Dog C

Dog CDog C
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American Imperial Stout
4.18 | pDev: 7.18%
Scotland, United Kingdom
Retired (no longer brewed)
Dog CDog C
Notes: Dog C is an extra special brew, marking 7 years of BrewDog. Like Dog A & B before it, Dog C is an imperial stout, brewed with a potent mix of speciality ingredients.

Dog C pours like dark matter into your glass, with a deep tan head. On the nose there’s a subtle but powerful blend of dark chocolate, espresso, chilli spice and molasses, boosted with hints of molasses, cocoa powder and brandy.

On the palate, there’s a chewy treacle toffee backbone, supporting the spicy hop flavour and naga chilli heat. The malt bill adds further spice from the rye, and a smooth refined mouthfeel from the wheat and oats.

Dog C is like eating chocolate ice cream and drinking cognac in a leather armchair. It’s like Darth Vader - powerful yet restrained. It’s also perfect for cellaring, or for a vertical tasting with Dog A & B.

90 IBU
Reviews: 3 | Ratings: 19 | Log in to view all ratings and sort
Photo of GreesyFizeek
4.26/5  rDev +1.9%
look: 4 | smell: 4.25 | taste: 4.25 | feel: 4.5 | overall: 4.25

Bottle purchased at Micro Bar in Reykjavik, Iceland.

This one pours a very dark black, inky and foreboding, with a very small head no lacing.

This smells like intense dark chocolate, with a a very small level of pepper heat, and some coffee and bitter charred malt.

I'm not sure how old this bottle is, but the pepper is very subtle. There's a lot of heavy duty roasted malt though, with a good amount of dark chocolate and creamy coffee flavor.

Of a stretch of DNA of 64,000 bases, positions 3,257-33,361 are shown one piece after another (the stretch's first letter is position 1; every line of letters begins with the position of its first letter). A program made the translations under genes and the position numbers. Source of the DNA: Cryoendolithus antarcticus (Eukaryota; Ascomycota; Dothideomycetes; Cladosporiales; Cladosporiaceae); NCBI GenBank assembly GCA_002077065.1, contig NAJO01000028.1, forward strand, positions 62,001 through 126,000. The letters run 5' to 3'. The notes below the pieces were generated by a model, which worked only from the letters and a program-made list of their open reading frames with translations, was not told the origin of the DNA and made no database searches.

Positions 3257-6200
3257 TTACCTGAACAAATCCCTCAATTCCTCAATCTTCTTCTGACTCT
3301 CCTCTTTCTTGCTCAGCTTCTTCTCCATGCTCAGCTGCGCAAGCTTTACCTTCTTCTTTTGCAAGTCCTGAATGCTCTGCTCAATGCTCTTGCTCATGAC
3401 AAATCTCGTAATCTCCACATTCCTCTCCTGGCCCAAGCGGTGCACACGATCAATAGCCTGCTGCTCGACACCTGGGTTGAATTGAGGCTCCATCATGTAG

This is pretty thick bodied, with a good level of carbonation for the style.

This just about knocked me out for the night- it's intense and boozy, but highly enjoyable.

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Photo of Roguer
4.04/5  rDev -3.3%
look: 3.75 | smell: 4 | taste: 4.25 | feel: 3.5 | overall: 4

Very pleasing dark black brew; small dark tan head which quickly faded.

Tons of molasses on the nose, blended with espresso, chocolate, and roasted barley. Rich and smooth.

Flavor follows: it's a deep, dark beer experience, full of flowing chocolate and molasses. A touch of licorice here and there, and a humble amount of char. The naga chili is all but gone now with two years of age; there's a touch of both the flavor and heat, but only just.

Oddly thin and flat mouthfeel. Very easy to drink. A sumptuous dessert beer.

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Photo of kojevergas
3.49/5  rDev -16.5%
look: 3.5 | smell: 3.25 | taste: 3.5 | feel: 4 | overall: 3.5

BOTTLE: Comes packaged inside a sleek cardboard box - brilliant marketing suggestive of a fine whiskey (and a good excuse to charge more). Best before: 20/06/24. Brown glass. Branded black and tan crown cap. 33cl.

15.1% ABV. Reviewed live as an imperial stout per the label. Expectations are well above average given the brewery and style; this is a style they usually pull off. Purchased at Stockmann in Tallinn, Estonia.

No bubble show forms as it's poured.